Ciampa arietaria (Guenée, 1857)
Brown Pasture Looper or Forked Pasture-moth
(one synonym : Chlenias crambaria Felder & Rogenhofer, 1875)
NACOPHORINI,   ENNOMINAE,   GEOMETRIDAE,   GEOMETROIDEA
 
Don Herbison-Evans
(donherbisonevans@yahoo.com)
and
Cathy Byrne & Stella Crossley

Ciampa arietaria
(Photo: copyright of Brett and Marie Smith, at Ellura Sanctuary, South Australia)

These Caterpillars are dark brown with a pale line each side along the shoulders, and with various orange markings. The head is pale brown with many small pale markings. The caterpillars are inclined to rest at the bottom of a foodplant curled up, looking like a new unfurled leaf of the plant.

Ciampa arietaria
(Photo: copyright of Brett and Marie Smith, at Ellura Sanctuary, South Australia)

The caterpillars are a pest on pastures, feeding on many herbaceous plants, including :

  • Capeweed ( Arctotheca calendula, ASTERACEAE ),
  • Alfalfa ( Medicago sativa, FABACEAE ),
  • Storksbill ( Erodium species, GERANIACEAE ), and
  • Zedweed ( Zaluzianskya divaricata, SCROPHULARICEAE ).

    Ciampa arietaria
    female
    (Photo: courtesy of Ian Baird, Canberra, Australian Capital Territory)

    Ciampa arietaria
    male
    (Photo: courtesy of Ian Baird, Canberra, Australian Capital Territory)

    The adult moths have brown or grey forewings, with a pattern of forked and zigzag light and dark lines. The hindwings are a uniform pale fawn colour. The moths have a wingspan of about 3 cms.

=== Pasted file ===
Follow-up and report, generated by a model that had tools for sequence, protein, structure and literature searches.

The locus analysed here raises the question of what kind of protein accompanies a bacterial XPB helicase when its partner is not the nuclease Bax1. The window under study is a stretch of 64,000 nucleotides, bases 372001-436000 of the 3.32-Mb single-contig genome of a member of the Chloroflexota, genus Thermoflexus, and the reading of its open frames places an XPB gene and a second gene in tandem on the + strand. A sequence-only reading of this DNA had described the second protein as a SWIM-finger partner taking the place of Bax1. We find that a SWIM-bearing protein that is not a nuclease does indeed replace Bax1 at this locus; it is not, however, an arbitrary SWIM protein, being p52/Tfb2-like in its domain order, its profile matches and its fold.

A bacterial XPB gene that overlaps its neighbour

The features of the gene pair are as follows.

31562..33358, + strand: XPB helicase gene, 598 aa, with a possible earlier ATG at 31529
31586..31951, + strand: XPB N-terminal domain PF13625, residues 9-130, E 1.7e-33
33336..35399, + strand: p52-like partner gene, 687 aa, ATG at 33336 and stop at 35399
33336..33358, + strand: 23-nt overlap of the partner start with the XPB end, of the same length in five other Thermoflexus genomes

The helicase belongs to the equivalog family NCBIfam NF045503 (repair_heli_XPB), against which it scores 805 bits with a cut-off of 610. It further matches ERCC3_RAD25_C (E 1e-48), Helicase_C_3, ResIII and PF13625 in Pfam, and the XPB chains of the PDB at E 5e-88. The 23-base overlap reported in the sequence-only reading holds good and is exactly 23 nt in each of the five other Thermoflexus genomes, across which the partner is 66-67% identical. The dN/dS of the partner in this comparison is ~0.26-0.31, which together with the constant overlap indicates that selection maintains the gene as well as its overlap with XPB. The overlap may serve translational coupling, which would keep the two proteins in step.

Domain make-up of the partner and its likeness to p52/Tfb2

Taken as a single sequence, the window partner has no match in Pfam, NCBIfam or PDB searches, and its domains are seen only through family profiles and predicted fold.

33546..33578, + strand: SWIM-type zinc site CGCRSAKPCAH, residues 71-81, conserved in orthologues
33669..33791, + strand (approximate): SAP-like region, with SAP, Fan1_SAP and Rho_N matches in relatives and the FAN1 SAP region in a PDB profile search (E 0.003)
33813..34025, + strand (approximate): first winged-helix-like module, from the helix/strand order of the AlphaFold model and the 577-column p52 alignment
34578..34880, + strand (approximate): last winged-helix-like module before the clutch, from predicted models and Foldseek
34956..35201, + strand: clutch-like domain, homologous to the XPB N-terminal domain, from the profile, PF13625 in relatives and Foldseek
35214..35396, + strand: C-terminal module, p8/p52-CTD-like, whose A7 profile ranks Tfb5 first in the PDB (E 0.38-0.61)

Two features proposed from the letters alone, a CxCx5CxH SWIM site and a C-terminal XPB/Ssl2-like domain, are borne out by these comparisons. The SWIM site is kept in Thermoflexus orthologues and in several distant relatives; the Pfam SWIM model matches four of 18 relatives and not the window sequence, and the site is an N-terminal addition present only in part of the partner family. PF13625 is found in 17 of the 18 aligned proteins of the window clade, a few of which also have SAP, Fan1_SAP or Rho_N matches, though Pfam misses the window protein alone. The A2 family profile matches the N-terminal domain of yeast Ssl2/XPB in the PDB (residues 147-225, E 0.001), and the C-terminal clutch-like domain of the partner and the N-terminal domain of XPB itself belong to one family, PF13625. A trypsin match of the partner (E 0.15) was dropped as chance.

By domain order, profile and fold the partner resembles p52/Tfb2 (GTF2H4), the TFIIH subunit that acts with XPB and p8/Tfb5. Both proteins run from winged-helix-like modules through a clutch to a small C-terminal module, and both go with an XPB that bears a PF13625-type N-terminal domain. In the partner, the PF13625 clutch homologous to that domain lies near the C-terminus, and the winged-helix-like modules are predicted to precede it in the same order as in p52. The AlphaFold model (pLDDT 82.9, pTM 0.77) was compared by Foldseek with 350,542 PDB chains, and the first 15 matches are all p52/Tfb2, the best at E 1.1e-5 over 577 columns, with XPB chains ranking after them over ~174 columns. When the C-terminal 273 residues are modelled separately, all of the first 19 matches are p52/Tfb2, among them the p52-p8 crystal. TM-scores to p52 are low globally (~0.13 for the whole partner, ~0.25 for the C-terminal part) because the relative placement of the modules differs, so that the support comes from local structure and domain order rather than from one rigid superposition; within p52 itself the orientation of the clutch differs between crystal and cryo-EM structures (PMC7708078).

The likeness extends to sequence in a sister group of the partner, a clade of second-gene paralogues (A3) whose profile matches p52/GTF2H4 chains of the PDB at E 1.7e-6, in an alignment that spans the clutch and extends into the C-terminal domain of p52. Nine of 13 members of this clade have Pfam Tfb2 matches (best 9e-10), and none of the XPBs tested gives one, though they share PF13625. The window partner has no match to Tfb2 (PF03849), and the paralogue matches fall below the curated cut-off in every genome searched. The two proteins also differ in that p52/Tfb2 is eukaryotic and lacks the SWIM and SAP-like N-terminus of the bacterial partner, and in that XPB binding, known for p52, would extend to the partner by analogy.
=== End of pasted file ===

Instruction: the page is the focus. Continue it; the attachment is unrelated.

Ciampa arietaria
    male, underside, showing pale hairy labial palps and dark forked horn
    (Photo: copyright of Brett and Marie Smith, at Ellura Sanctuary, South Australia)

    The moths display their labial palps pointing forward.

    The species occurs over most of Australia, including

  • Queensland,
  • New South Wales,
  • Australian Capital Territory,
  • Victoria,
  • Tasmania,
  • South Australia, and
  • Western Australia.

    Ciampa arietaria
    female, drawing by Felder & Rogenhofer, listed as Chlenias crambaria
    ,
    Reise der Osterreichischen Fregatte Novara,
    Band 2, Abtheilung 2 (5) (1875), Plate CXXXIII, fig. 12,
    image courtesy of Biodiversity Heritage Library, digitized by Smithsonian Libraries.

    The eggs are white and roughly spherical. They are laid in arrays of about 100 on any available surface, even a stem of grass.

    Ciampa arietaria
    eggs
    (Photo: courtesy of P. Carwardine, Moths of Victoria: Part 5)


    Further reading :

    Cathy Byrne,
    Characterisation of the Australian Nacophorini and a Phylogeny for the Geometridae from Molecular and Morphological Data,
    Ph.D. thesis, University of Tasmania, 2003.

    Ian F.B. Common,
    Moths of Australia,
    Melbourne University Press, 1990, fig. 34.12, pp. 67, 364.

    Rudolf Felder & Alois F. Rogenhofer,
    Zoologisher Theil,
    Reise der Osterreichischen Fregatte Novara,
    Band 2, Abtheilung 2 (5) (1875), p. 6, and also Plate 133, fig. 12.

    Achille Guenée,
    Uranides et Phalénites II,
    in Boisduval & Guenée:
    Histoire naturelle des insectes; spécies général des lépidoptères,
    Volume 9, Part 10 (1857), pp. 239-240, No. 1316.

    Marilyn Hewish,
    Moths of Victoria: Part 5 - Satin Moths and Allies - GEOMETROIDEA (A),
    Entomological Society of Victoria, 2014, pp. 20-21.

    Peter B. McQuillan, Jan A. Forrest, David Keane, & Roger Grund,
    Caterpillars, moths, and their plants of Southern Australia,
    Butterfly Conservation South Australia Inc., Adelaide (2019), p. 124.


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    (updated 2 May 2010, 7 January 2013, 8 October 2013, 31 December 2015, 28 October 2020)